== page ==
Medical students joined the team remotely on April 13. In each virtual orientation session, two to three students worked with a social work supervisor. A leadership team comprising Aysola, Deborah Lowenstein, LCSW; Preeti Advani, MSW, LSW; Patricia Meehan, LSW; Rosemary Thomas, MPH, CHES; and Heather Klusaritz, PhD, MSW, familiarized the students with the protocols for patient interaction and how to navigate the technical aspects of the program. The students learned about crisis intervention theory and empathetic inquiry, how to compassionately communicate with patients over the phone, and how to best connect them to resources. Even after the orientation, the social workers continued to provide support and were just a phone call away if a student needed assistance with a case. And despite only having virtual contact with them (never face to face), the students’ dedication to the team and their willingness to help the community endeared them to the social workers.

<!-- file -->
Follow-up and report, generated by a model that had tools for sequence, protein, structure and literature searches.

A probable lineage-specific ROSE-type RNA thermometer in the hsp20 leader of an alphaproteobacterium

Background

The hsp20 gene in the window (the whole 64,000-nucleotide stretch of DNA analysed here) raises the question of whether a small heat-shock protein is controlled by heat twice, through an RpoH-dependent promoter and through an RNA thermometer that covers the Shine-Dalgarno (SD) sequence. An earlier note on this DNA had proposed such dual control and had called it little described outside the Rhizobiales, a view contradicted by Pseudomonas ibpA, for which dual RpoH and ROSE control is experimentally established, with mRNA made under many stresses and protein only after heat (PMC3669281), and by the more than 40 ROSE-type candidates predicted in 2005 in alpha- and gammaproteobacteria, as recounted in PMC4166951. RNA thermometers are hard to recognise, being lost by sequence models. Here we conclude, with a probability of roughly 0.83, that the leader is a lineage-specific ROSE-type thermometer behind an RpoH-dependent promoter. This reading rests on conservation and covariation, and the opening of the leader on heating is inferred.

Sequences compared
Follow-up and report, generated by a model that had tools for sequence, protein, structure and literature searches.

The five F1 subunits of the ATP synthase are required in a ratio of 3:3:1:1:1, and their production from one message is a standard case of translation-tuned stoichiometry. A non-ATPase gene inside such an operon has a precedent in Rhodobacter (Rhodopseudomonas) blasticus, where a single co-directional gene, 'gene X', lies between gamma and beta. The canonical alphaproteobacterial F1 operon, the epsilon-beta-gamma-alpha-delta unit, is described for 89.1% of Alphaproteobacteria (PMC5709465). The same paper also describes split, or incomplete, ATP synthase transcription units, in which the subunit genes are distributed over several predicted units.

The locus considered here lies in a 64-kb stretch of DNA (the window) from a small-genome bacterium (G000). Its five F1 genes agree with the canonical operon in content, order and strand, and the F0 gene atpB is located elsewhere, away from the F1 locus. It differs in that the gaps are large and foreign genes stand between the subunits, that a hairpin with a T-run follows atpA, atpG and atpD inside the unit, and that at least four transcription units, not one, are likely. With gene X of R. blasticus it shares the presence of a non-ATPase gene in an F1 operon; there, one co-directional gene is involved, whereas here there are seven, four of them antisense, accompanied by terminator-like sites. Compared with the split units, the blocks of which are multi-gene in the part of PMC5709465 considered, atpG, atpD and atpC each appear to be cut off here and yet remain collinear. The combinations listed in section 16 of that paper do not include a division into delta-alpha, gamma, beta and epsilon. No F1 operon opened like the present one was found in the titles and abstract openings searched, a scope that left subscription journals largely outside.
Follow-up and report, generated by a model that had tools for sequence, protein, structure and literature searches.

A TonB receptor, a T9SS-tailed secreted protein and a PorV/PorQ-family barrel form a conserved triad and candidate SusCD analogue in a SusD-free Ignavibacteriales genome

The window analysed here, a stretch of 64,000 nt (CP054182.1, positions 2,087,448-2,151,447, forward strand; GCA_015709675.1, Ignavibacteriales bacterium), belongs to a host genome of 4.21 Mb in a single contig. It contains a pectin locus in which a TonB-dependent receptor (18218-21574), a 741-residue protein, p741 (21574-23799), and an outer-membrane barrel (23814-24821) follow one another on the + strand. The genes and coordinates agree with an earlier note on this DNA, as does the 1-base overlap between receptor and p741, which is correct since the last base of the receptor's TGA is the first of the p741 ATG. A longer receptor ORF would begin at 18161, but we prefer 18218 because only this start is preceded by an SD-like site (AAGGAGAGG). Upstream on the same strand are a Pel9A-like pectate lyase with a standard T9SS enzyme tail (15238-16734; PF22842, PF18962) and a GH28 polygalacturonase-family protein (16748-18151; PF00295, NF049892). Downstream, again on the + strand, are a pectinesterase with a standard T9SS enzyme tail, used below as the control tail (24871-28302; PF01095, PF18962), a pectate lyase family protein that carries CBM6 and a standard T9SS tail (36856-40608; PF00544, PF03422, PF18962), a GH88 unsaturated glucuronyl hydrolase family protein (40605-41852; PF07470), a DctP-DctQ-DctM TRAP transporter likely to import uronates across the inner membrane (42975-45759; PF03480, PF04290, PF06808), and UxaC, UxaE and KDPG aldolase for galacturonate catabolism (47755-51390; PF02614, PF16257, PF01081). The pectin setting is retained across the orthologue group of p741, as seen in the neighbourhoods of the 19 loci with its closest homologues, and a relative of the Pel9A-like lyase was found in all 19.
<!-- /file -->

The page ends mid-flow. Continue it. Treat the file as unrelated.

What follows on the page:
“The medical students were passionate, and they were all in,” Lowenstein said. “It wasn’t about being a medical student; it’s ‘I’m helping the community. I’m all in and you teach me what I need to learn.’”
“One patient said to a student, ‘This phone conversation is a miracle happening in my life right now. This is the most actively that I’ve been taken care of by a health care system in my entire life,’” said Advani, who is informatics manager for Case Management and Social Work. Another patient said, “You are heaven on earth as far as I’m concerned.”
Finding Hard-to-Reach Patients